Tons of free software out there that can block specific segments of IP addresses. Google servers are easy to find. Chinese government can just block all of Google’s servers from ever connecting to the Chinese internet.

  63. r v Says:

    “now that’s true irony, especially when applied to the Chinese political system.”

    Irony doubled. The Chinese political system shuts down the monopoly of US politics on the Internet.

  64. S.K. Cheung Says:

    Actually, this is the application you’re after: The CHinese political system is a monopoly, and “monopolies are evil, they don’t want competitions. They should be shut down and broken up. And shutting down a monopoly is not “censorship.”” You’re welcome.

  65. r v Says:

    One can see that Google is “radicalized” by US political ideologies.

  66. r v Says:

    Nope, the US political system is a monopoly.

    you need a chill pill from your self-love. No one is thanking you.

  67. S.K. Cheung Says:

    Ok, so on a federal level, the US has 2 political parties. The Chinese have one. I wonder what mono- stands for. De rien.

  68. Raj Says:

    @ 56

    If the Chinese people and the Chinese government have their marketing hats on, they ought to capitalize on this Google stunt and maximize the simple message that Google is arrogantly trying to undermine Chinese law.

    Dewang, given that Chinese law in this area is bad, trying to undermine it and push for change can only be a good thing.

  69. alessandro Says:

    to #48… I’ve already told and demonstrated to u that criticism in China count (remember the green dam example..which I don’t remember I pointed to u here or in another 3d? So please don’t pretend u can’t read), and is counting always more (which is not the case instead in many western countries)..I don’t like to always have to repeat myself to people that keep on repeating the same exact stuff no matter what, and try to selectively “jump” on facts they don’t like…Elections in China exist (even if organized in a different way from how “we” consider they must be..but u know, diversity is the salt of the land, and nobody ever sentenced we have the perfect “recipe”, which we don’t), and grassroots elections with independent candidates at village level are everything but “not systematic”, and not at all only in “autonomous regions”, so please try to do ur homeworks better.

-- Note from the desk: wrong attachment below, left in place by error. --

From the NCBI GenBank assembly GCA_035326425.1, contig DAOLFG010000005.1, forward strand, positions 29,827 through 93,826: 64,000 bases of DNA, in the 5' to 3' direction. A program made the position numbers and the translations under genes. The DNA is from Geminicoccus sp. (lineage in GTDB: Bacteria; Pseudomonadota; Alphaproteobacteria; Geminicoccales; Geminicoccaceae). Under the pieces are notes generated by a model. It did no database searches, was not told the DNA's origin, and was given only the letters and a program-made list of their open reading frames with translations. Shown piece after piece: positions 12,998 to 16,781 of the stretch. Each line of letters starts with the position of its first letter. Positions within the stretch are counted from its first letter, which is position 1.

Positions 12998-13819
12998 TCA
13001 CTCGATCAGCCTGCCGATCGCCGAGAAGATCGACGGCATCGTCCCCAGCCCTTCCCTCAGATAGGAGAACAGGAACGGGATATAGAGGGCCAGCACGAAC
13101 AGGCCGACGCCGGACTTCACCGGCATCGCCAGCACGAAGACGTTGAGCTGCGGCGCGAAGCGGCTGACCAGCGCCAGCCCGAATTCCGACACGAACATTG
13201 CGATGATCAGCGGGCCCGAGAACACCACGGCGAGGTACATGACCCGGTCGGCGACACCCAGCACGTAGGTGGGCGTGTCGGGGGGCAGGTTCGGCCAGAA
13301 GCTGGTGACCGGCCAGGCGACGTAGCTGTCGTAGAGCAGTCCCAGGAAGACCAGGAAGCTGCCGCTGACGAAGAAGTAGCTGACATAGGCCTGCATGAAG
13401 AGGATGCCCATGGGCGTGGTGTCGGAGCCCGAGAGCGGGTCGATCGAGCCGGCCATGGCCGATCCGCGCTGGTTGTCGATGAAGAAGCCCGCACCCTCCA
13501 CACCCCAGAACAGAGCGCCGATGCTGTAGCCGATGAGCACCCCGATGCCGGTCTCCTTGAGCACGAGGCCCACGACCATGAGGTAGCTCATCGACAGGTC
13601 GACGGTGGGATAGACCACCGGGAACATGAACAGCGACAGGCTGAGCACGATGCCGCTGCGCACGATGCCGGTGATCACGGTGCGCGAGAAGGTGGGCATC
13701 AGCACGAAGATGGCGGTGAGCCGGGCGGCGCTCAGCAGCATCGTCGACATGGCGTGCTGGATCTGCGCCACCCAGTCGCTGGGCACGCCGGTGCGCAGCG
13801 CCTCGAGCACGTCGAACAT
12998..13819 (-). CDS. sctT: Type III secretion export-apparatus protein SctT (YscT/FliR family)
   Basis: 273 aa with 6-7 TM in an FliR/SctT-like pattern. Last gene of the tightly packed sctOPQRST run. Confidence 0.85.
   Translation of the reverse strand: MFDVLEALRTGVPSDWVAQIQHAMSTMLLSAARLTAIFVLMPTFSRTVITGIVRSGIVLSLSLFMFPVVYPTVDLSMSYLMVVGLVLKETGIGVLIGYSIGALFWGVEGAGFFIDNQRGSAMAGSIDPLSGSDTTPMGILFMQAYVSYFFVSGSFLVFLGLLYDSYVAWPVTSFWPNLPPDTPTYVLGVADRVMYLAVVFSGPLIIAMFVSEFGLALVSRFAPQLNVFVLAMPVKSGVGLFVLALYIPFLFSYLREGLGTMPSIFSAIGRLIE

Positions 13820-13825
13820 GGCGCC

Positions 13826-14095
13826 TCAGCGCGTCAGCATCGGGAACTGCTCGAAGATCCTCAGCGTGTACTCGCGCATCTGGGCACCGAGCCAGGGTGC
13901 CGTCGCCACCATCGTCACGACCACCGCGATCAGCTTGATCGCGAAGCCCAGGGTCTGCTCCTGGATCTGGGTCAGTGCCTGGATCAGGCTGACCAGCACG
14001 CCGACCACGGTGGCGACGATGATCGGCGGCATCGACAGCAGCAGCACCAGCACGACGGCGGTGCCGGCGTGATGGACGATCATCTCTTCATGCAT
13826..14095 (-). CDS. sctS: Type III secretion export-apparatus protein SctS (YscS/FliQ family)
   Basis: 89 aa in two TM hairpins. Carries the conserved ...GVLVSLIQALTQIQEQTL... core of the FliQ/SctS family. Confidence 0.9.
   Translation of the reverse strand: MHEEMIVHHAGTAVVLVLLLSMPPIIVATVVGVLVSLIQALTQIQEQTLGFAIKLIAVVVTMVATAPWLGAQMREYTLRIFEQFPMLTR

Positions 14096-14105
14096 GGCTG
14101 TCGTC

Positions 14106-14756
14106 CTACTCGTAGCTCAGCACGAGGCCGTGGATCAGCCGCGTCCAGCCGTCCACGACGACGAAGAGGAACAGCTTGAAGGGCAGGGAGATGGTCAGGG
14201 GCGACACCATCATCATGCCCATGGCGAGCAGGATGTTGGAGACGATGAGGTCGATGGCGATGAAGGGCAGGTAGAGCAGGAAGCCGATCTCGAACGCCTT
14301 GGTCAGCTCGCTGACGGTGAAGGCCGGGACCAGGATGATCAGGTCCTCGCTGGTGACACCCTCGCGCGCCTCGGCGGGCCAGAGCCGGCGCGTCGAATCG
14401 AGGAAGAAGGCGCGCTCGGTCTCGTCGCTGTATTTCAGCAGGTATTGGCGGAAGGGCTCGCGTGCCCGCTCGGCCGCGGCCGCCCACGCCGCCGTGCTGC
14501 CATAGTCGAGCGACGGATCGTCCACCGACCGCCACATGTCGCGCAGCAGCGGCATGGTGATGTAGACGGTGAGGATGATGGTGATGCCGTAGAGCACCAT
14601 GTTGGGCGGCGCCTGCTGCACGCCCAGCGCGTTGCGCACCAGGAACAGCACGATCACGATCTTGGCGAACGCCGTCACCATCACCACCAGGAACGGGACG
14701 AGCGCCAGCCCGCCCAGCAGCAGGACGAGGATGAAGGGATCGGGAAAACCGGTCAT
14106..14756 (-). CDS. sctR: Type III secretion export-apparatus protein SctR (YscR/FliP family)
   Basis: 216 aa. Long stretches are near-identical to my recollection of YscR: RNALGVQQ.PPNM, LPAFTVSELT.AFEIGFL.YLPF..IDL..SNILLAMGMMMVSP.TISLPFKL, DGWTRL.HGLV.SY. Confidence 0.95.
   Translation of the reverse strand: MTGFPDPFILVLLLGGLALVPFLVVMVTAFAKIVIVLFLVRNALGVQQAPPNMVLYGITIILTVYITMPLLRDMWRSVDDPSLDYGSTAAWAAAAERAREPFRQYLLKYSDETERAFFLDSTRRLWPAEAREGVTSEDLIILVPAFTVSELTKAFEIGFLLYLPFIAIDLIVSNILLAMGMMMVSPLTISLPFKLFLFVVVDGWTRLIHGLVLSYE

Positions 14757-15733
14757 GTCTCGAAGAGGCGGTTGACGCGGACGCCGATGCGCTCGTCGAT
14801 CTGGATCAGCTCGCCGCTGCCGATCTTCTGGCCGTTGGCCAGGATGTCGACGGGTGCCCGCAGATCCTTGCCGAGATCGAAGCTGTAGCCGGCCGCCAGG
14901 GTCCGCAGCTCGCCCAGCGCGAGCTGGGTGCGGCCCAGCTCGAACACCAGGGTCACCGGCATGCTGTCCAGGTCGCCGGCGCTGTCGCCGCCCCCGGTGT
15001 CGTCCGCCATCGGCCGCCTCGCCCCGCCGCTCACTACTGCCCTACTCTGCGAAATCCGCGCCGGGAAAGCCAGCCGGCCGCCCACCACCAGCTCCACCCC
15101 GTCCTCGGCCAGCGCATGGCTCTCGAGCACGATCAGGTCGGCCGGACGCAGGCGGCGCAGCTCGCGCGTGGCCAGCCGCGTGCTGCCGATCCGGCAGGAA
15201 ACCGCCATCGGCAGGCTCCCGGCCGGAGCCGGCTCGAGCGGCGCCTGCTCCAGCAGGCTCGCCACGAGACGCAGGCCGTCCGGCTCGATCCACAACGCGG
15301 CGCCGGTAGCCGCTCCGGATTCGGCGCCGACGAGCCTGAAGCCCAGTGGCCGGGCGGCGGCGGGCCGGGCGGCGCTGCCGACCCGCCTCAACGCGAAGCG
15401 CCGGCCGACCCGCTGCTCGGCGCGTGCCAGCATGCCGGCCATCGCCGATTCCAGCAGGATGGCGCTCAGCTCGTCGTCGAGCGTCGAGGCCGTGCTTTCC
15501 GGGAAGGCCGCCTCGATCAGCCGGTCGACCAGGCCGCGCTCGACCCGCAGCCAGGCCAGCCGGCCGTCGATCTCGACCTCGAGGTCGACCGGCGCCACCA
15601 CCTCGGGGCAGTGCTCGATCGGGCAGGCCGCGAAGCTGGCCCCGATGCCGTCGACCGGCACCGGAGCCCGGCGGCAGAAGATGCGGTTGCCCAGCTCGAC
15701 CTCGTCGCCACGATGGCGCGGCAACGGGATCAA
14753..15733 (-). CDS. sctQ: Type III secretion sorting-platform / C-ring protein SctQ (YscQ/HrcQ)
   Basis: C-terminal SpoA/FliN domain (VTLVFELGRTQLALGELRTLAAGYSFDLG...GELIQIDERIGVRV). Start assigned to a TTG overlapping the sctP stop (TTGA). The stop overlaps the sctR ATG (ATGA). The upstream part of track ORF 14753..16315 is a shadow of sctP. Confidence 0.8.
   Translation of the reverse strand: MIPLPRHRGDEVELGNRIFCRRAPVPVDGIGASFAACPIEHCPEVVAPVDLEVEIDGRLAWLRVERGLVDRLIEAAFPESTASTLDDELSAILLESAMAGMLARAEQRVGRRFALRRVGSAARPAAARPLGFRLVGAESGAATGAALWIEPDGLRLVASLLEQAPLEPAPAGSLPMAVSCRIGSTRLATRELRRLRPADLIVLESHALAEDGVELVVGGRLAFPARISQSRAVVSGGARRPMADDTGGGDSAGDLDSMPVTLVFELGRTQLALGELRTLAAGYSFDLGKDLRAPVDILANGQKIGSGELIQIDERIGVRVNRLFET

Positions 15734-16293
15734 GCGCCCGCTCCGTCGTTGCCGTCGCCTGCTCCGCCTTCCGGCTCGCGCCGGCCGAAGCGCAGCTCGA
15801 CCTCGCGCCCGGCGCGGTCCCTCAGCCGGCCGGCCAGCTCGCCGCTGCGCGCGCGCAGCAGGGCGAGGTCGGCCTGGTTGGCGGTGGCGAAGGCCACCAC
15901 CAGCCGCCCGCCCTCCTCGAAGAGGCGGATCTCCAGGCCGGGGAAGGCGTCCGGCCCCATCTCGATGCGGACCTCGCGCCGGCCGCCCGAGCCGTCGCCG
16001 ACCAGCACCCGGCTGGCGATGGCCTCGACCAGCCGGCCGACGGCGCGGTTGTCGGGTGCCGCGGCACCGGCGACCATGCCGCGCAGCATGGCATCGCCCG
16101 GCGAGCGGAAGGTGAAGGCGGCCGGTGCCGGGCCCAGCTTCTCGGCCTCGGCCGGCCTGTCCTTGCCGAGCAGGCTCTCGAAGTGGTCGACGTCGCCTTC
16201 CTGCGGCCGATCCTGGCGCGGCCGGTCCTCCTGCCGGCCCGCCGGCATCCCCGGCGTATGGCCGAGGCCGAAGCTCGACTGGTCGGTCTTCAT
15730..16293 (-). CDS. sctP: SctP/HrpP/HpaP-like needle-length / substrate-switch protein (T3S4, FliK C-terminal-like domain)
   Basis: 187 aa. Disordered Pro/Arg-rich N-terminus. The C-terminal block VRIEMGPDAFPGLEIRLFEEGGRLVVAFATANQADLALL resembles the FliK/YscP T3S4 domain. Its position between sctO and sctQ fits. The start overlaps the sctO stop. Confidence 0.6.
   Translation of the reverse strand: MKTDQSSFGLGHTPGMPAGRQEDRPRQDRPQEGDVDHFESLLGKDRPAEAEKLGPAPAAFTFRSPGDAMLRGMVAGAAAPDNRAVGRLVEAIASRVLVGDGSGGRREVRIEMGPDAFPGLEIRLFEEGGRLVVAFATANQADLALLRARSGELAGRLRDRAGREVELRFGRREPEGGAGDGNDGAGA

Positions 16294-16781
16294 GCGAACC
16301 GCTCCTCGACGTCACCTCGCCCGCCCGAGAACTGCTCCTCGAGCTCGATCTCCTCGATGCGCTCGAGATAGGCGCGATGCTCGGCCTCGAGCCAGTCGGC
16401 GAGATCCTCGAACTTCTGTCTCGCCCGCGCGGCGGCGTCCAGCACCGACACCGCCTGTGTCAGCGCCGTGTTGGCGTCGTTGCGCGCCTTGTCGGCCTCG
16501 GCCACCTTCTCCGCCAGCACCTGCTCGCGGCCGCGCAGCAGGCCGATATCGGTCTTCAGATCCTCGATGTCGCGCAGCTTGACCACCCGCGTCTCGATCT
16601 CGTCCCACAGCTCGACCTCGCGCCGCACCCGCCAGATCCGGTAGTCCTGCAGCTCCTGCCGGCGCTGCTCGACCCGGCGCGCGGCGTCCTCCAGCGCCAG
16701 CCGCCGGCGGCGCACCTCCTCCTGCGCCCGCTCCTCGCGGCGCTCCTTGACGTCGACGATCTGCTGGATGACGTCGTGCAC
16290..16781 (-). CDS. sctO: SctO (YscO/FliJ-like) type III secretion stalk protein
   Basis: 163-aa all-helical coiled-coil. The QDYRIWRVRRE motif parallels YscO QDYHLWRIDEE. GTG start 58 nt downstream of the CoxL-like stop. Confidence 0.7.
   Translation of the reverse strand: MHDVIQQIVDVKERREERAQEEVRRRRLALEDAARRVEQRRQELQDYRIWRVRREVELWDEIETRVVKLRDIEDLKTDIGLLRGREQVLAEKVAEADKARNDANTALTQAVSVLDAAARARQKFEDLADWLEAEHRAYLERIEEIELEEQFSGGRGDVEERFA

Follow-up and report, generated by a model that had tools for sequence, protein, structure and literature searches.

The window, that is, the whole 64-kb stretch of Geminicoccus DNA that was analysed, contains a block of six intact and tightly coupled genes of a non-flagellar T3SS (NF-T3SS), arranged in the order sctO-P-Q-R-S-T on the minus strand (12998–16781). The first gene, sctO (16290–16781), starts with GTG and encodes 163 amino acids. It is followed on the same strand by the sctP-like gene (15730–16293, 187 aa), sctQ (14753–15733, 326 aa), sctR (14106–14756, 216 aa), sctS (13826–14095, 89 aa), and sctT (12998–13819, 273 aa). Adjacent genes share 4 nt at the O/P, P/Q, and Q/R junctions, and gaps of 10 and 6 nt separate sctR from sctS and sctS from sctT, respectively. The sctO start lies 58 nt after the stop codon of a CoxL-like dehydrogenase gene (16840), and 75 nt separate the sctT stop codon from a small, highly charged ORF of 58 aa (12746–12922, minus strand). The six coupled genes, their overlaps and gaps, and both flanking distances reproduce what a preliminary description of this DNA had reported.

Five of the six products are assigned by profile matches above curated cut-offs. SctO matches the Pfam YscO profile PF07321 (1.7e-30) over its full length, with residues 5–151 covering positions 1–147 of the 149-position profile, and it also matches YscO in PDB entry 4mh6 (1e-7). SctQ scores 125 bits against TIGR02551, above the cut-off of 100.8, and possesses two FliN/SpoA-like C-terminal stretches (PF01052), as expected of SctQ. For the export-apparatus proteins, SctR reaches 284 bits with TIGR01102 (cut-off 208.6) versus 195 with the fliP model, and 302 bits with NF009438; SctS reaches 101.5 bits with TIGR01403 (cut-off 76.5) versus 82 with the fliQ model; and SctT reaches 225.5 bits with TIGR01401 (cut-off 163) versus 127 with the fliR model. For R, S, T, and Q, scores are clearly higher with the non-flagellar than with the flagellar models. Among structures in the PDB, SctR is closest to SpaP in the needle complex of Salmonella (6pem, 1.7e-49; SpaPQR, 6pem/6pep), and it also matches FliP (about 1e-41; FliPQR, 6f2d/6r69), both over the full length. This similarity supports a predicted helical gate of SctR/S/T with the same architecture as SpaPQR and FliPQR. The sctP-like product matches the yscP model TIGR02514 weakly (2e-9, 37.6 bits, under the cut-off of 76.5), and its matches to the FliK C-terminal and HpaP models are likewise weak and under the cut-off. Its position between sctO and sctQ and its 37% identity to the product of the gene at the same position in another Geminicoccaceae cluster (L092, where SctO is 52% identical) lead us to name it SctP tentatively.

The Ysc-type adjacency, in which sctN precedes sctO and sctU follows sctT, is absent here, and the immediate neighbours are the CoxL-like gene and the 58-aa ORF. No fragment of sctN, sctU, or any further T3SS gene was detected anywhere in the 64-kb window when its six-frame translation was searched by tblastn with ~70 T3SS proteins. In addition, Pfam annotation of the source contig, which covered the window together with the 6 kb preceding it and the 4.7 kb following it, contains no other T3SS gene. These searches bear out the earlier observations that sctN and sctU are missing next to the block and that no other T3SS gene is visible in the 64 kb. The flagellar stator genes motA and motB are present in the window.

Ah, the usual “we’re talking about China here” trick and easy escape…when somebody make an example that demostrates that what happens in China is nothing more than what happens in many parts of the so called “free world”. Curiously enough, however, on many other issues, comparation with other parts of the world to make people see how “bad” (or simply different…but for someone with a close mind, different often equals “bad”) China is abunds..Those times the excuse “we’re talking about China here” doesn’t apply…how funny, talking about double standards and prejudice, hm?!

    On the other points I prefer to rest…cause it’d be like shooting on the red cross, and I don’t really like to do that…

  70. alessandro Says:

    “Ok, so on a federal level, the US has 2 political parties. The Chinese have one. I wonder what mono- stands for. De rien.”

    Oh, and this is ur profound understanding of politics? Wow…..
    U know, 1 party with tens of millions of members is monolithic as 3 or 4 different parties in other places (ESPECIALLY the US)…if u’r not even able to understand this, I wonder how can u debate…I see now u just see the “surface” of things, and that “names” count to u more that actual facts…